In 1939 the Mexican artist Jesús Escobedo produced a work simply entitled ‘Las clases’ that captured in a single composition the history and imagery of the outcome of the Mexican Revolution. The artist was part of the Liga Pro-Cultura Alemana (whose membership included Hannes Meyer) that was engaged in incorporating the emerging geopolitical conflict of the period into a local context, aiming to combat the spread of fascism in Mexico and facilitate the dissemination of anti-Nazi propaganda.
Escobedo’s ‘Las clases’ was soon incorporated into the political poster ‘Como combatir el fascismo’, advertising the labour leader Vicente Lombardo Toledano as a guest speaker at one of its conferences, with the aim of projecting to the public the unity of the various factions of the Mexican Revolution in the 1930s against reactionary threats. This specific example of socially committed artwork contains four figures standing equally side-by-side and arm-in-arm: the bourgeois, the soldier, the proletarian, and the campesino. The ordering in terms of importance and priority is, perhaps, significant. Equally, the inclusion of neither a female character, nor an indigenous member, in the group, is revealing in terms of assessing ‘Las clases’ as a representative image of Mexico’s post-revolutionary state and society. The significance of this artwork, however, as a window on the historical sociology of modern state formation in Mexico should not be underestimated.
Concurrent with Leon Trotsky, in Literature and Revolution , ‘the development of art is the highest test of the vitality and significance of each epoch’. In microcosm, then, Jesús Escobedo’s depiction of the post-revolutionary Mexican state captures what can be called the paradox of revolution: how conditions of social revolution and popular mobilisation, such as the Mexican Revolution (1910-1920), eventuated into new forms of authoritarian rule.
The Italian Marxist Antonio Gramsci recognised similar situations as instances of what he termed passive revolution meaning processes of revolutionary rupture that become displaced, thwarted, and averted leading to a continuation of the old political order and, commonly, the furtherance of capitalist processes. Such social conditions, however, are not literally passive but are often violent transformations.
Is this process of revolution in Mexico, then, that paradoxical, especially for post-colonial states that might generally emerge within the context of geopolitical pressures and the uneven and combined expansion of capitalist development? For states in Latin America, commonly confronted with an impasse between contending social forces, or a lack of any established class hegemony, how are the social relations of capitalist development commonly set in train?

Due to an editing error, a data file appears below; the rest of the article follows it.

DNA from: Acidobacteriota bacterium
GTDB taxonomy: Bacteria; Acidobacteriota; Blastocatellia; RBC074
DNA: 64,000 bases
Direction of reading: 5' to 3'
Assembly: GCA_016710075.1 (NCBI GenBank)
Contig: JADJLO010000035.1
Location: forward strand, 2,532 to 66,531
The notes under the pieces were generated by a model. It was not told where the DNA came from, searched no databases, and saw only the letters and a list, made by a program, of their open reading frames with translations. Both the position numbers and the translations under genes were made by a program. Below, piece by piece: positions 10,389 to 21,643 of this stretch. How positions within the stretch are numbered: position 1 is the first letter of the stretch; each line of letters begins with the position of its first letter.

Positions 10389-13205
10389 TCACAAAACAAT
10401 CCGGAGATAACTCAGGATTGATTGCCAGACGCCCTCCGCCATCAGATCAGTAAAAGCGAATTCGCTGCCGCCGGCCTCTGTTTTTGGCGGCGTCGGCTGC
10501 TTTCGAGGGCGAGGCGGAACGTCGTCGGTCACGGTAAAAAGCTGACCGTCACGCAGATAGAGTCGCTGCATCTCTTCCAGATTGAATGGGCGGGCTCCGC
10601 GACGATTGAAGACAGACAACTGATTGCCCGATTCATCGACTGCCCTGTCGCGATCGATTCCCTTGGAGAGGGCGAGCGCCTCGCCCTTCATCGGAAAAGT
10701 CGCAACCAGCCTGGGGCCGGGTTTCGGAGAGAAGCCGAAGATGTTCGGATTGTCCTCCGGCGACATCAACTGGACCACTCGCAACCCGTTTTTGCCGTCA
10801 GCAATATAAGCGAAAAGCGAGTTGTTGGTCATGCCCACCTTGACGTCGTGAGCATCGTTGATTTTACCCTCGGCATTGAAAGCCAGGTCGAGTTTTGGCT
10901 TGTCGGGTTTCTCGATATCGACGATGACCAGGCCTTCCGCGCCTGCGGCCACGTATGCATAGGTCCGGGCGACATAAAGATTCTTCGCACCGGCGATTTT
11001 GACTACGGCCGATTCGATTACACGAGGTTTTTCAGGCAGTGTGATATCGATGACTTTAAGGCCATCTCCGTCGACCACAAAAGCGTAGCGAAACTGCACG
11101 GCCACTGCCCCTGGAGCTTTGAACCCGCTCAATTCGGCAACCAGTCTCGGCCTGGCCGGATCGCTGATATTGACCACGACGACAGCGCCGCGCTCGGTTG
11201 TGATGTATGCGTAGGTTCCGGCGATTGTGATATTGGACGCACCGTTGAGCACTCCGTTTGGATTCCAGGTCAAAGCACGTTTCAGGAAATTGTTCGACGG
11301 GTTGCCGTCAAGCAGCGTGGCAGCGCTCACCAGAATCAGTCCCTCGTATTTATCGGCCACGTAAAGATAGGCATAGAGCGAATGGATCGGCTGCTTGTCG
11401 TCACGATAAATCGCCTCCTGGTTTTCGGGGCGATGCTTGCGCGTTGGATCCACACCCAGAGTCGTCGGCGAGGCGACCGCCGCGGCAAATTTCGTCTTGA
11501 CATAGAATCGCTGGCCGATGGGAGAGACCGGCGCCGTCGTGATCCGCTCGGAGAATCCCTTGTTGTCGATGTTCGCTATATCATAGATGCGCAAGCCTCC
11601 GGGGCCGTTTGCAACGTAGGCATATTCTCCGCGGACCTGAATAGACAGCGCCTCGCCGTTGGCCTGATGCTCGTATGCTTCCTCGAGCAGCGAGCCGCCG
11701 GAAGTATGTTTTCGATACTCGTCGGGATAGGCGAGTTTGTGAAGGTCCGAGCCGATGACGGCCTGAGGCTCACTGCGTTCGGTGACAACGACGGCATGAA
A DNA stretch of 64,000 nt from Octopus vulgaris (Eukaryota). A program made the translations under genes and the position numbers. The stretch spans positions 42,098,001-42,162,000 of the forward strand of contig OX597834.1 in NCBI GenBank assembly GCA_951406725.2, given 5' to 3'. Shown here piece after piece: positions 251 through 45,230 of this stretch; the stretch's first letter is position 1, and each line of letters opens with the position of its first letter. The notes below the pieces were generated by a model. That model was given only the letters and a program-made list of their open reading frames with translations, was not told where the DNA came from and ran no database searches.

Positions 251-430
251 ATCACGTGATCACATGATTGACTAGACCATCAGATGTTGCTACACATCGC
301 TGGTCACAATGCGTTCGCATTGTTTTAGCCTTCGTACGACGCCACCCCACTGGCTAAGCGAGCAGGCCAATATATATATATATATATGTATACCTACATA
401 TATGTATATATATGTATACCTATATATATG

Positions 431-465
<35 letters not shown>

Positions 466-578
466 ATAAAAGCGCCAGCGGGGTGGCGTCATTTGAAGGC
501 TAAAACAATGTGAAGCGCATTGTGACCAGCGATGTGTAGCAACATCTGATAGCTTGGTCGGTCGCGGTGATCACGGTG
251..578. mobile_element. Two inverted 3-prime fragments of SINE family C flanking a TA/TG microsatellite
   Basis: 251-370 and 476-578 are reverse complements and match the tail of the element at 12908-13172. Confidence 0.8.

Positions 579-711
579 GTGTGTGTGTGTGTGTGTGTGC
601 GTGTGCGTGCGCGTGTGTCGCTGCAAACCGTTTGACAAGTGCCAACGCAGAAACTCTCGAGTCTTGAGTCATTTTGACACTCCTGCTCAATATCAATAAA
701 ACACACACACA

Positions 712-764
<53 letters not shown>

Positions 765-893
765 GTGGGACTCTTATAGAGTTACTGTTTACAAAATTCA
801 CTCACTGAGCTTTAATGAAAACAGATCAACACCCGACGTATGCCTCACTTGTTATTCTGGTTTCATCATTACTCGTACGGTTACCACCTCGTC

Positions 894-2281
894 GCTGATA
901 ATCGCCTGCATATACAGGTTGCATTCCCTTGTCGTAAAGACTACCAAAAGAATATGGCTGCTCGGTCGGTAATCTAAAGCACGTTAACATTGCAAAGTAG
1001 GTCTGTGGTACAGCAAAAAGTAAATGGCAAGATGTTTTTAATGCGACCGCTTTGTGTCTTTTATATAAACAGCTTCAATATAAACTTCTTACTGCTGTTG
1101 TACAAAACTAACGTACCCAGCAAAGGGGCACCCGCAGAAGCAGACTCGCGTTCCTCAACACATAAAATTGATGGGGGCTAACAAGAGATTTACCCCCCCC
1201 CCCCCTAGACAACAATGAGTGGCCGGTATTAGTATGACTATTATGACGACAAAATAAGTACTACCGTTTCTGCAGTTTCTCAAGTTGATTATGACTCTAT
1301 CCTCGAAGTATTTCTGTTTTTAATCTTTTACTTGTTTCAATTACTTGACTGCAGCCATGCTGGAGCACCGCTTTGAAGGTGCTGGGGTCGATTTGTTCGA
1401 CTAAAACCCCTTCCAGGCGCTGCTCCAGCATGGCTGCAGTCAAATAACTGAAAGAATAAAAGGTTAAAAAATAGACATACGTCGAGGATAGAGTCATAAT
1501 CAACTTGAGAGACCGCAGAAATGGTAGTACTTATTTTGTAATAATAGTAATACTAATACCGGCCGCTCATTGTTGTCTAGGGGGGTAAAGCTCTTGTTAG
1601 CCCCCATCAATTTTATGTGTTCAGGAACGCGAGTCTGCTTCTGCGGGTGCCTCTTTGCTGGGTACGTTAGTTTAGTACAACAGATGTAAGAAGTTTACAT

My new book Revolution and State in Modern Mexico: The Political Economy of Uneven Development (Rowman & Littlefield, 2011) starts of with this puzzle posed by the artwork of the poster to consider the historical and contemporary construction of the revolution and the modern state in Mexico. It provides a fresh analysis of the Mexican Revolution, the era of import substitution industrialisation, and neoliberal restructuring as well as exploring key processes in the contestation of the modern state, specifically through studies of ideology, democratisation, and spaces of resistance.
As a result, my book aims to show how the historical sociology of modern state formation in Mexico can be understood best as a form of passive revolution, referring to the ongoing class strategies that have shaped relations between state and civil society, within the conditioning situation of uneven and combined development. As such, my book aims to make an important interdisciplinary contribution to understanding processes of revolution within historical sociology by situating debates on state formation and Latin American studies within wider Marxist currents. In so doing, my contribution is to convincingly contend that passive revolution can become an empirical tool for radical political economy and historical sociological analysis. Significantly, the book also casts out an original argument useful to approaching passive revolutions elsewhere in alternative situations of state formation. Combining insights from across Marxist state debate and historical sociology, I develop an interpretive method in order to facilitate analysis of interrelated instances of passive revolution within world-historical processes, where the particulars of state formation are realised within the general features of capitalist modernity. The book therefore makes an appeal to wider concerns in Marxist historical sociology beyond its own detailed focus on modern state formation in Mexico.
In graphic form, Jesús Escobedo’s ‘Las clases’ captures the amalgam of rupture and continuity stemming from the Mexican Revolution, those contradictions at the heart of the condition of passive revolution that unsurprisingly found expression in the art, literature, and architecture of modern Mexico. As the backbone of my book attests, new rounds of contemporary resistance have contested, and are continuing to contest, state power in Mexico. Ways out of the condition of passive revolution, by conceiving and putting into practice new spaces of class struggle, will be central to the course of future development and state formation in Mexico.